Cookies Policy
X

This site uses cookies. By continuing to browse the site you are agreeing to our use of cookies.

I accept this policy

Find out more here

The Influence of Painting Composition on Human Perception

No metrics data to plot.
The attempt to load metrics for this article has failed.
The attempt to plot a graph for these metrics has failed.
The full text of this article is not currently available.

Brill’s MyBook program is exclusively available on BrillOnline Books and Journals. Students and scholars affiliated with an institution that has purchased a Brill E-Book on the BrillOnline platform automatically have access to the MyBook option for the title(s) acquired by the Library. Brill MyBook is a print-on-demand paperback copy which is sold at a favorably uniform low price.

Access this article

+ Tax (if applicable)
Add to Favorites
You must be logged in to use this functionality

image of Seeing and Perceiving
For more content, see Multisensory Research and Spatial Vision.

Artists have long explored the way in which we see the world, and they have developed their own tools to portray their vision. The present study investigated whether the compositional information in paintings, an artistic device invented by artists, is utilized when people view paintings. In Experiment 1, we categorized paintings depending on their compositions through experts’ ratings. Using the stimuli from Experiment 1, Experiment 2 tested if the compositional information interferes with a target detection task. We found that the false alarms increased when the targets and distracters had the same composition compared to when they were different. Finally, Experiments 3A and 3B examined whether composition information influences the perceptual similarity of paintings. Through a multi-dimensional scaling analysis, we first showed that paintings with the same composition were proximately located in the mental space (Experiment 3A). Using this distance from the MDS analysis, we found that performance on the target detection task decreased as this distance became close (Experiment 3B). These results suggest that people make use of compositions in paintings, thus providing a possible link between artworks and the human visual system.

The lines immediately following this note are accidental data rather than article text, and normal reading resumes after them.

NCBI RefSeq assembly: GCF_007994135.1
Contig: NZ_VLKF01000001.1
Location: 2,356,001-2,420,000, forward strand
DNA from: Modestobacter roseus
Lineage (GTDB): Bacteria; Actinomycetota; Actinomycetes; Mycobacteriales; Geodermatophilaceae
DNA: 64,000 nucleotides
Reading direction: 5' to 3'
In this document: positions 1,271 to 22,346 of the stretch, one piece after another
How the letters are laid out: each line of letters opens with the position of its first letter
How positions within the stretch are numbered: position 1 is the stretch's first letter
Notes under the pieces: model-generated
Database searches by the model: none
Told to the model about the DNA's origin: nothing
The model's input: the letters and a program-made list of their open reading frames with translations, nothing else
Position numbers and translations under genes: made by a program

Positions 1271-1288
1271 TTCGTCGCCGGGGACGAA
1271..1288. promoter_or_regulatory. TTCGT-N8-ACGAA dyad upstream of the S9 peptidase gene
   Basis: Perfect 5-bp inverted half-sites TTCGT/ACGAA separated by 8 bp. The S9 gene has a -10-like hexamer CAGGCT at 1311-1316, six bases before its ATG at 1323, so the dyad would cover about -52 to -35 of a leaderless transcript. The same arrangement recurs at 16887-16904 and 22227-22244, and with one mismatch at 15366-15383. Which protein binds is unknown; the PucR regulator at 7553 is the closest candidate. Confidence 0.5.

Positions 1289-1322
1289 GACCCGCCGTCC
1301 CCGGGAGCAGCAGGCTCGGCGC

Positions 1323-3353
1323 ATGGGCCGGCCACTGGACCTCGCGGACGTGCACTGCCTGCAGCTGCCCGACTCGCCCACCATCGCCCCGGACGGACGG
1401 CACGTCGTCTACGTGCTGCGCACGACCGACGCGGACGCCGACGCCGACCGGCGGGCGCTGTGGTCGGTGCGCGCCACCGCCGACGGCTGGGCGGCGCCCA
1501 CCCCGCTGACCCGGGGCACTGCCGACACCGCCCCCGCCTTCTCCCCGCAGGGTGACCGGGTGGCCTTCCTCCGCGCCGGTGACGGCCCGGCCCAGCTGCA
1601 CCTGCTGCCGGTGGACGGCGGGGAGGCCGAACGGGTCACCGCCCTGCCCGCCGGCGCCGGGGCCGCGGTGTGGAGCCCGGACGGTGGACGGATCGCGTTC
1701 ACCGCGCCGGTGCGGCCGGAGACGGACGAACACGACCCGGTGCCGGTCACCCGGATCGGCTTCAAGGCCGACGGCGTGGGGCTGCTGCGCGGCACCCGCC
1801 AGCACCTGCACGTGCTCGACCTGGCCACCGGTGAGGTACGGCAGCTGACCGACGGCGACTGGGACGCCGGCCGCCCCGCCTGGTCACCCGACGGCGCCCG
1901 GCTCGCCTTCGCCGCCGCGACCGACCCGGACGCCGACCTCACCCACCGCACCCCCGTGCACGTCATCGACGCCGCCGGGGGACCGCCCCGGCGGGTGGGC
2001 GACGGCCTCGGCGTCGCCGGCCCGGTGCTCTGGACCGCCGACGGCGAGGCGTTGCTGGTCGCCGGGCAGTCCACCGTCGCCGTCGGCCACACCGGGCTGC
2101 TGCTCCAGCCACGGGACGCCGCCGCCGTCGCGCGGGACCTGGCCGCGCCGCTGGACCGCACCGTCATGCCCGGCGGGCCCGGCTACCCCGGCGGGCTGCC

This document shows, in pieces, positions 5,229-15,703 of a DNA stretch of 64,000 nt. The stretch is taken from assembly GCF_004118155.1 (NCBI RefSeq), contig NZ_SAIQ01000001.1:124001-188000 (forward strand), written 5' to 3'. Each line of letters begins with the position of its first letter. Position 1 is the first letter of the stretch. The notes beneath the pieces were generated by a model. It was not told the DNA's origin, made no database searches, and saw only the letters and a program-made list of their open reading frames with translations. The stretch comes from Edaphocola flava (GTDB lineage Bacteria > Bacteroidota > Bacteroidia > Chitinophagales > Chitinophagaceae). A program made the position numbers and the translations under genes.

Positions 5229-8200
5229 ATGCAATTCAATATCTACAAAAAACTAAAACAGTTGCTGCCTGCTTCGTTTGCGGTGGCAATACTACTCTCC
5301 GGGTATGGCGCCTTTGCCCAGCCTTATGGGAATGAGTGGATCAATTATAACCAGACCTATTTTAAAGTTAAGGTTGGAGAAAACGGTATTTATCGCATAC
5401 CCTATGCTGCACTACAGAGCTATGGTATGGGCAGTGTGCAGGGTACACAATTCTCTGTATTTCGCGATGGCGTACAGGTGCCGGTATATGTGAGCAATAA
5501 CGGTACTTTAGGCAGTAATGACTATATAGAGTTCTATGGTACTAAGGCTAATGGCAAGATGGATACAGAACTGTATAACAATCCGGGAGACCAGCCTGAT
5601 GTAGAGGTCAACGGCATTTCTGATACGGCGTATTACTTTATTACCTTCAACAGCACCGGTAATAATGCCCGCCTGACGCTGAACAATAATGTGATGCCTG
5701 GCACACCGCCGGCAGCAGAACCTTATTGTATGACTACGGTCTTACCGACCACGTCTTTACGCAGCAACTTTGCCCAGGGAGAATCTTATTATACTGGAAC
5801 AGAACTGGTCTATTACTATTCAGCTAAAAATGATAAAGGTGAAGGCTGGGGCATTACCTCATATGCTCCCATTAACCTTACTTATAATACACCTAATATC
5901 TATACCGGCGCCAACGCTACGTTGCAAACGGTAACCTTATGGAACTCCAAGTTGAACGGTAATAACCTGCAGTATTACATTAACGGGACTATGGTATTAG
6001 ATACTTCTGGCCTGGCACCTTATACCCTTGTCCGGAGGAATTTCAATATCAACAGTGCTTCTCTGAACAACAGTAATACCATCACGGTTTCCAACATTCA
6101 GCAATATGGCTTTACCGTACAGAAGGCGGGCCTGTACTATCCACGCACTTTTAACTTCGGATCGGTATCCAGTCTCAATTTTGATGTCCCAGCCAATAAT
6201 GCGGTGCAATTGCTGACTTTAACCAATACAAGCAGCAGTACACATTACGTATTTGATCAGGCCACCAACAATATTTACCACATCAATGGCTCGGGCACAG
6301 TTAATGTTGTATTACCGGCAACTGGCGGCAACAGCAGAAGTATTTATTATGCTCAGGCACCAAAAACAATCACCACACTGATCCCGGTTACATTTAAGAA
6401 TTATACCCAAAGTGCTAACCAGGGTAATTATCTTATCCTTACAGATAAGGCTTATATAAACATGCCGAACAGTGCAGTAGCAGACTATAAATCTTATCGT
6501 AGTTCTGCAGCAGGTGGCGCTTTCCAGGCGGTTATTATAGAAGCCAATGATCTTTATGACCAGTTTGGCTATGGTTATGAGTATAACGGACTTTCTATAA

Affiliations: 1: 1Graduate Program in Cognitive Science, Yonsei University, 50 Yonsei-ro, Seodaemun-gu, Seoul 120-749, Korea

Loading

Full text loading...

/content/journals/10.1163/187847612x648783
Loading

Data & Media loading...

http://brill.metastore.ingenta.com/content/journals/10.1163/187847612x648783
Loading

Article metrics loading...

/content/journals/10.1163/187847612x648783
2012-01-01
2016-12-07

Sign-in

Can't access your account?
  • Tools

  • Add to Favorites
  • Printable version
  • Email this page
  • Subscribe to ToC alert
  • Get permissions
  • Recommend to your library

    You must fill out fields marked with: *

    Librarian details
    Your details
    Why are you recommending this title?
    Select reason:
     
    Seeing and Perceiving — Recommend this title to your library
  • Export citations
  • Key

  • Full access
  • Open Access
  • Partial/No accessInformation